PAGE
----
with its legal obligations as to the Bond as a result of” the federal Bond Disbursement
Order and the state garnishment orders.5
Debtor’s Chapter 11 case
Debtor filed for Chapter 11 relief on May 20, 2011. In its schedules, Debtor listed
the Bond as personal property by virtue of the garnishment orders.6
On July 29, 2011, Debtor filed an adversary proceeding against defendants Meyer,
Pratt, Washington, Glenn, and Christie (the “Adversary Proceeding”).7 The complaint
alleges three counts: (1) determination of the validity, extent, and priority of judgment
liens held by Meyer and Pratt on the estate’s real property; (2) determination of amounts
due between Debtor and Meyer and Pratt, based upon setoff of the Iowa Judgments,
including cancellation of the Bond because the setoff would satisfy the Judgment in full;
and (3) judgment against Meyer and Pratt for the excess of the assigned Iowa Judgments
over the amount owed under the Judgment against the Christie Interests. Glenn and
Christie filed a cross claim; and Meyer and Pratt filed a counterclaim/cross claim,
challenging the availability of offset and seeking declaratory judgments as to the rights to
the Bond and the Stock. On January 17, 2011, Pratt filed a motion to withdraw reference
5 Dkt. 101.
6 Dkt. 42.
7 D.J. Christie, Inc. v. Meyer (In re D.J. Christie, Inc.), Adv. No. 11-07043.
Case 11-40764 Doc# 174 Filed 04/26/12 Page 5 of 8
of the Adversary Proceeding. The Court’s recommendation on that motion is filed
Both Meyer and Pratt filed proofs of claim. Debtor objected to these claims based
upon the contention that they are fully satisfied by offsetting the Iowa Judgments.
Section 362(a)(3) imposes a stay against “any act to obtain possession of property
of the estate or of property from the estate or to exercise control over property of the
estate.” Property of the estate is broadly defined by § 541 to consist of all legal and
equitable interest of the debtor in property as of the commencement of the case and any
interest that the estate acquires after the commencement of the case. Here the estate
claims an interest in the Bond proceeds under the orders of garnishment issued in
Jackson County, Missouri and served on Washington on June 29, 2011 and August 5,
2011. The Court finds, for purposes of this Motion, that Debtor’s asserted interest in the
Bond proceeds is a property interest under § 541 which is protected by the stay of § 362.
Washington moves for relief from the stay to allow it to resolve the competing
claims to the Bond proceeds arising from the federal Bond Disbursement Order and the
state garnishment orders. Under § 362(d)(1), the Court may grant relief from stay for
cause. “While cause under § 362(d)(1) includes ‘the lack of adequate protection of an
interest in property,’ it is not so limited. Because ‘cause’ is not further defined in the
Bankruptcy Code, relief from stay for cause is a discretionary determination made on a
Case 11-40764 Doc# 174 Filed 04/26/12 Page 6 of 8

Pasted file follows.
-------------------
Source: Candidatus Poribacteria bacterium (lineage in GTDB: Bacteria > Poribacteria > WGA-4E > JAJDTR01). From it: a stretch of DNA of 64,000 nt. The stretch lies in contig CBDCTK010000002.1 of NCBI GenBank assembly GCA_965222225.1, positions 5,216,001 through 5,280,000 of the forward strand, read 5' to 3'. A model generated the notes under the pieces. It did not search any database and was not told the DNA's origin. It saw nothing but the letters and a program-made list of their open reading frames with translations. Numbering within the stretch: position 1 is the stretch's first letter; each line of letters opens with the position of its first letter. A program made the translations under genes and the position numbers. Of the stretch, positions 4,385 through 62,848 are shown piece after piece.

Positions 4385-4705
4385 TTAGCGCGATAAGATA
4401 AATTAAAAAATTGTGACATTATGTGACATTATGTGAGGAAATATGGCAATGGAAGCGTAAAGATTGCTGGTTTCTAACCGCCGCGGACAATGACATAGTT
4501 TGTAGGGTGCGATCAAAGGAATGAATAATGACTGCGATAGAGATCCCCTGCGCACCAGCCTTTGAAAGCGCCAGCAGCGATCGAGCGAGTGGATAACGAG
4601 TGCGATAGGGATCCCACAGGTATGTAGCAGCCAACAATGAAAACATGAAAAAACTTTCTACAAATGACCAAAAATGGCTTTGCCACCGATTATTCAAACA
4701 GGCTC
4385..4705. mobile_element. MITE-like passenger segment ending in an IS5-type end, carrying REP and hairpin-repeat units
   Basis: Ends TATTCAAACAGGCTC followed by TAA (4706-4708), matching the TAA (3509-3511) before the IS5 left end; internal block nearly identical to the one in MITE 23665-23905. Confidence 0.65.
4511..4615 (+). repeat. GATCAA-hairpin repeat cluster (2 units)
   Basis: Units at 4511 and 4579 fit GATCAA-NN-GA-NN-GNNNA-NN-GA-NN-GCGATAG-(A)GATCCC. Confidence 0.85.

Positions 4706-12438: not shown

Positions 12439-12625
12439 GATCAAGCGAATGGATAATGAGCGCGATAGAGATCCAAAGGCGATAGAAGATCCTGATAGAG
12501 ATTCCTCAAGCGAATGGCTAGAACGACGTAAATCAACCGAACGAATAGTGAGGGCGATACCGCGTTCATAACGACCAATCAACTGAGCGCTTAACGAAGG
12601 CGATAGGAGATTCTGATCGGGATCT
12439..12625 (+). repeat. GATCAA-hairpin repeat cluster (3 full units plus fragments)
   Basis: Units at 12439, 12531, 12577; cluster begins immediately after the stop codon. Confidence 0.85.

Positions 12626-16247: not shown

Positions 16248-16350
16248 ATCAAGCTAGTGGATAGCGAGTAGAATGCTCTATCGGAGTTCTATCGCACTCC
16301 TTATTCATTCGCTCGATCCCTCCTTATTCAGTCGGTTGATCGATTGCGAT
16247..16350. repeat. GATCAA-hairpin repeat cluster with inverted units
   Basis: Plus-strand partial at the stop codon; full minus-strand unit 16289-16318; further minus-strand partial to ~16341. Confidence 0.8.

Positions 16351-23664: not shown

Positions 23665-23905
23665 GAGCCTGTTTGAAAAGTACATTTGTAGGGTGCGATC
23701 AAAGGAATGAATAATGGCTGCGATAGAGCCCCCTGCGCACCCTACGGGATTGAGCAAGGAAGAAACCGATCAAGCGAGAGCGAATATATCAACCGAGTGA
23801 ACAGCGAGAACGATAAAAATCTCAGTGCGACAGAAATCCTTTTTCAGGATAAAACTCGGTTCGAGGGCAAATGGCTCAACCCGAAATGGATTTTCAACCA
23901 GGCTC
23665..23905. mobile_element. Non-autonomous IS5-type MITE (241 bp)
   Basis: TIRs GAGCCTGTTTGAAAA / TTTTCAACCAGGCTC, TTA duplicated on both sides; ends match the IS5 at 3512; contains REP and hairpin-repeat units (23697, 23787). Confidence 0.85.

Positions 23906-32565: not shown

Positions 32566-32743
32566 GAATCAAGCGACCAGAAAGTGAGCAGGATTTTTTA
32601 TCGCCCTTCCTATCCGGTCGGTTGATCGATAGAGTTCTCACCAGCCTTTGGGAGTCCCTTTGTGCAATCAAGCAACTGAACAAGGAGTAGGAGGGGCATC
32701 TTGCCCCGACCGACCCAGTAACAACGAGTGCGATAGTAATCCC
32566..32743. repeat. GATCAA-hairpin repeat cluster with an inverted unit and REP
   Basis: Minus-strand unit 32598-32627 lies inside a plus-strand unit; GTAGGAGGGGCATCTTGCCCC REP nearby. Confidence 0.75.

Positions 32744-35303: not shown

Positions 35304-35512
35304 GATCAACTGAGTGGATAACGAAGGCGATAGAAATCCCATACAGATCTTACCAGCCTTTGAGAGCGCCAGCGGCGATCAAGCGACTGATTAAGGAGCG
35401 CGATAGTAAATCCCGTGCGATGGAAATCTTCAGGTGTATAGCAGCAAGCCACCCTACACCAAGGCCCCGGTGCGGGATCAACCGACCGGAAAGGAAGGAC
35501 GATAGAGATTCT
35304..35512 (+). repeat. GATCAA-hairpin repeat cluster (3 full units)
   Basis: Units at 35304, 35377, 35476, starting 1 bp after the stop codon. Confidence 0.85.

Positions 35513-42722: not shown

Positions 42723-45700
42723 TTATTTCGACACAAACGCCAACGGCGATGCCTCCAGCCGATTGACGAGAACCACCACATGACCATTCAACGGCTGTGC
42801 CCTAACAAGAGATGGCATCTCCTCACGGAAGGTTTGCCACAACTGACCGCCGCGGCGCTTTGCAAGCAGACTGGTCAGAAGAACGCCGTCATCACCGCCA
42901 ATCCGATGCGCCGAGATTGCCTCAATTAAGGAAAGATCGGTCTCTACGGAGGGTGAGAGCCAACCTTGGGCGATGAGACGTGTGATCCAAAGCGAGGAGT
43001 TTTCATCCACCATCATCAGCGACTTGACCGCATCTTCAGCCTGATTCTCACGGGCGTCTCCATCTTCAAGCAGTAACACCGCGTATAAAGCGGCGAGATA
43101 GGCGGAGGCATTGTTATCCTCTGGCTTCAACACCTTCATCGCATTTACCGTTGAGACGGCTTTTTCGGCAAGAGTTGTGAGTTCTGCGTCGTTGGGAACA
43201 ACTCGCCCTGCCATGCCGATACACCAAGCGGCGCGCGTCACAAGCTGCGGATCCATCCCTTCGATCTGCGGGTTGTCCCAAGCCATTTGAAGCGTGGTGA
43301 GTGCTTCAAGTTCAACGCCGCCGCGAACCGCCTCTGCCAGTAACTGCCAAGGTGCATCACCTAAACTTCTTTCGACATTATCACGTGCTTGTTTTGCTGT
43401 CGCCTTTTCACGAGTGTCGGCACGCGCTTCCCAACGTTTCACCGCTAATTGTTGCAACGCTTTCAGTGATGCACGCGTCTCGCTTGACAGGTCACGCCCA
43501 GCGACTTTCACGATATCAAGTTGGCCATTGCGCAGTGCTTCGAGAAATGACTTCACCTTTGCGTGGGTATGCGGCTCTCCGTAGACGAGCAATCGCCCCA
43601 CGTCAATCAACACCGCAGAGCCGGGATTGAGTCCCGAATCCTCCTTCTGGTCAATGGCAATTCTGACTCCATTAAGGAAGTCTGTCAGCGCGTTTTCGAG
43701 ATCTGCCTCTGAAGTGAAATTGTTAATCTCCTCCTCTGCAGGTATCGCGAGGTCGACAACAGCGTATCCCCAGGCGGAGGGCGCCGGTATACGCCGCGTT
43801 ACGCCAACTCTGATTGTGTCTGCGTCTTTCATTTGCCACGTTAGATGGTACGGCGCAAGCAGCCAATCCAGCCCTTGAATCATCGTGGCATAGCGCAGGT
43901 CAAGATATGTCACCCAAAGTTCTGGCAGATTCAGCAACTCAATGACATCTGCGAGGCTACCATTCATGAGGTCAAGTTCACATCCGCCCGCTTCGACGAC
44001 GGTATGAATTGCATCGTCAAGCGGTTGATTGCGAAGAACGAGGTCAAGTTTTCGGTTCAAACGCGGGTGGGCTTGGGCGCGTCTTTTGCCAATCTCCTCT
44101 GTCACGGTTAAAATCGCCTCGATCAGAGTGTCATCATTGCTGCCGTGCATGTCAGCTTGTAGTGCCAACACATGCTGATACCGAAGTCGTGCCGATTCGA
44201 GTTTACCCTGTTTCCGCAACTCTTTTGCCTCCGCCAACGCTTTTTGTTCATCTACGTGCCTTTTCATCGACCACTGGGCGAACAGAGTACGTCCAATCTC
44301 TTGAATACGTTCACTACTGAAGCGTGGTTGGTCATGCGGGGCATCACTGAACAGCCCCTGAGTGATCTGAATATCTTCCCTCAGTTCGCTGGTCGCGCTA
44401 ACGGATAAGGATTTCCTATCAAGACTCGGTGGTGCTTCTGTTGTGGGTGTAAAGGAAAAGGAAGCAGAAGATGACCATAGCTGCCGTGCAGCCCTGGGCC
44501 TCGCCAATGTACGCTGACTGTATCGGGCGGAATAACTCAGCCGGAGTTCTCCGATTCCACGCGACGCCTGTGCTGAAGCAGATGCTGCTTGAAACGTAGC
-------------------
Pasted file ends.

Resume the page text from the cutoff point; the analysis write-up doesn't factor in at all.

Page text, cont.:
case by case basis.”8 Although there is a shifting burden of proof, the moving party has
the obligation to establish a prima facie case.9
Washington has failed to establish a prima facie case of cause for relief from stay.
The only argument presented in support of its Motion is Washington’s desire to comply
with its legal obligation under the Bond. At oral argument on a related motion,
Washington’s counsel suggested that it would file a declaratory judgment action to seek
resolution of the conflicting claims to the Bond proceeds. Ruling on such an action
would require a determination of the offset issue. But the offset issue is before this Court
in the Adversary Proceeding. Allowing relief from stay for the purpose of filing a
declaratory judgment action would invite a second forum to rule on the same matters as
are before this Court, with the possibility of conflicting rulings.
Washington may be seeking stay relief to avoid suggestions that it is in contempt
of the Bond Disbursement Order or the garnishment orders. The finding of this Court that
the stay is applicable to any action to obtain control or possession of the Bond coupled
with the denial of this Motion for relief from stay should allay Washington’s concerns.
Meyer and Pratt oppose the Motion on the basis that no stay relief is required since
the estate has no interest in the Bond proceeds. Essentially, Meyer and Pratt are
requesting the Court to adjudicate the offset question when ruling on the Motion for
8 In re Busch, 294 B.R. 137, 140 (10th Cir. BAP 2003).
9 3 Collier on Bankruptcy ¶ 362.10 at 362-135 (Alan N. Resnick & Henry J. Sommer eds,
16th ed. 2010).
Case 11-40764 Doc# 174 Filed 04/26/12 Page 7 of 8
relief. The Court declines to do so. Whether the conditions for payment of the Bond
proceeds exist and the persons entitled to claim the proceeds are matters which will be
determined in future litigation in this Court.
Because Washington has failed to establish cause for relief from stay, the Motion
is denied. Washington is barred by bankruptcy law from disbursing the Bond proceeds to
any entity, including a court registry. Washington shall hold the proceeds pending further
order of this Court.
Washington’s Motion for relief from stay is denied for the reasons stated above.
Washington is barred from disbursing the Bond proceeds to any entity and shall hold the
proceeds pending further order of this Court.
The foregoing constitute Findings of Fact and Conclusions of Law under Rules
7052 and 9014(c) of the Federal Rules of Bankruptcy Procedure which make Rule 52(a)
of the Federal Rules of Civil Procedure applicable to this matter.
Judgment is hereby entered denying the Motion of Washington International
Insurance Company for Relief From the § 362 Bankruptcy Automatic Stay. The
judgment based on this ruling will become effective when it is entered on the docket for
this case, as provided by Federal Rule of Bankruptcy Procedure 9021.
IT IS SO ORDERED.